Short Sales – How Investors Can Avoid Perils and Pitfalls
I’m not going to wax poetic today about short sales as a great opportunity for sellers, listing agents, and buyers. While a short sale is all of those things, there are also many perils and pitfalls to purchasing and selling a short sale—including a few that arise when working with investor buyers.
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Just like many investments, a short sale being purchased by an investor buyer is just that—an investment. Because the purchase is an investment, many of the emotional ties commonly associated with the purchase of a property are just not there. There is no stereotypical wife thinking about where she is going to put Great Aunt Esther’s rocking chair, and no young parents concerned with the quality of the local schools. There is simply a buyer (or an investment group) planning and calculating the net result of the transaction.
One of the most common things that occurs with the investor as buyer of a short sale has to do with a purchase price. The buyer offers to purchase the property for a specified price, and the offer is submitted to the bank. The bank likely will counter the buyer’s offer. The investor buyer may come up to the bank’s price and an approval letter will come soon after. Sounds good, right? Yet, often times buyers will revisit the property after approval and note additional repairs or issues which would hamper the closing—unless the bank agrees to lower the purchase price.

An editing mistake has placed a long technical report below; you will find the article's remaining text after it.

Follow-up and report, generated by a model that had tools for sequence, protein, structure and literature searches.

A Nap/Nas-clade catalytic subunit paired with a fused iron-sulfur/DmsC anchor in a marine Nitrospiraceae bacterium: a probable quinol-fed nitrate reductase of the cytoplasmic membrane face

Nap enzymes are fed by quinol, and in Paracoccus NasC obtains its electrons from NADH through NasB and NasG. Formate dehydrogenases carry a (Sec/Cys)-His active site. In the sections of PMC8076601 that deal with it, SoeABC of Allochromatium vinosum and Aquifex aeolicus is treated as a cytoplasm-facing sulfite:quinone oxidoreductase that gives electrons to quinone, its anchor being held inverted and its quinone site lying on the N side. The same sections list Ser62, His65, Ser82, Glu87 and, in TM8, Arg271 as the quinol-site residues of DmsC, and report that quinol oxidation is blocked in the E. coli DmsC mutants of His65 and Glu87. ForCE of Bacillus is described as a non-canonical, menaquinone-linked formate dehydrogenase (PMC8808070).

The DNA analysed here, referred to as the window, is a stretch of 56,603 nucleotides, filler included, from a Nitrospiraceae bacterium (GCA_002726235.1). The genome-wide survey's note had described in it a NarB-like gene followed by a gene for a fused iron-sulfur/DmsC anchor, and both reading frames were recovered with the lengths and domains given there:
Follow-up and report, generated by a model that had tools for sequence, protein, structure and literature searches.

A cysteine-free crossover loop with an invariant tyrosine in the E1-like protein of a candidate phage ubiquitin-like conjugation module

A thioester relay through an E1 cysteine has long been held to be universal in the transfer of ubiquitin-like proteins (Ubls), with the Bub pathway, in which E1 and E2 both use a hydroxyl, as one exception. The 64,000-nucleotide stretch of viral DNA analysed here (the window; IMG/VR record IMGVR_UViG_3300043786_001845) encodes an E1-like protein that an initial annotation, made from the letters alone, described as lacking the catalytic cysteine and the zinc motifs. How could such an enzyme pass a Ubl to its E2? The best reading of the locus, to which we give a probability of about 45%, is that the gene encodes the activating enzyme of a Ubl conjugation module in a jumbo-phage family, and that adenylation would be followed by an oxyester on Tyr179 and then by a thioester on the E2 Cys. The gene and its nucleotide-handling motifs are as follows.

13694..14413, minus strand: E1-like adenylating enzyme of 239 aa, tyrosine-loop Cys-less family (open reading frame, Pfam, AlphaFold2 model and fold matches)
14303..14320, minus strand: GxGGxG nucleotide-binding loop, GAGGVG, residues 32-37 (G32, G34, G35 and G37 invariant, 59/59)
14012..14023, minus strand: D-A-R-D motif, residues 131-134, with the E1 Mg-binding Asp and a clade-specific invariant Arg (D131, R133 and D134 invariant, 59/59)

So, what can be done to avoid this problem and get short sales approved more quickly and efficiently?
It's simple really. Buyers must conduct their research and do their due diligence prior to placing any offer. They must decide what their offer is going to be based on the comparable properties, the area, and how much they would like to earn at resale (if applicable). BPOs and full appraisals should be completed before submitting the short sale package to the bank and repair bids must be secured by licensed and insured contractors. With all of this information, the short sale negotiator or negotiating agent can provide the best picture to the bank from the very beginningâmaking the entire short sale process as quick and efficient as possible.
Photo: flickr creative commons by rmgimages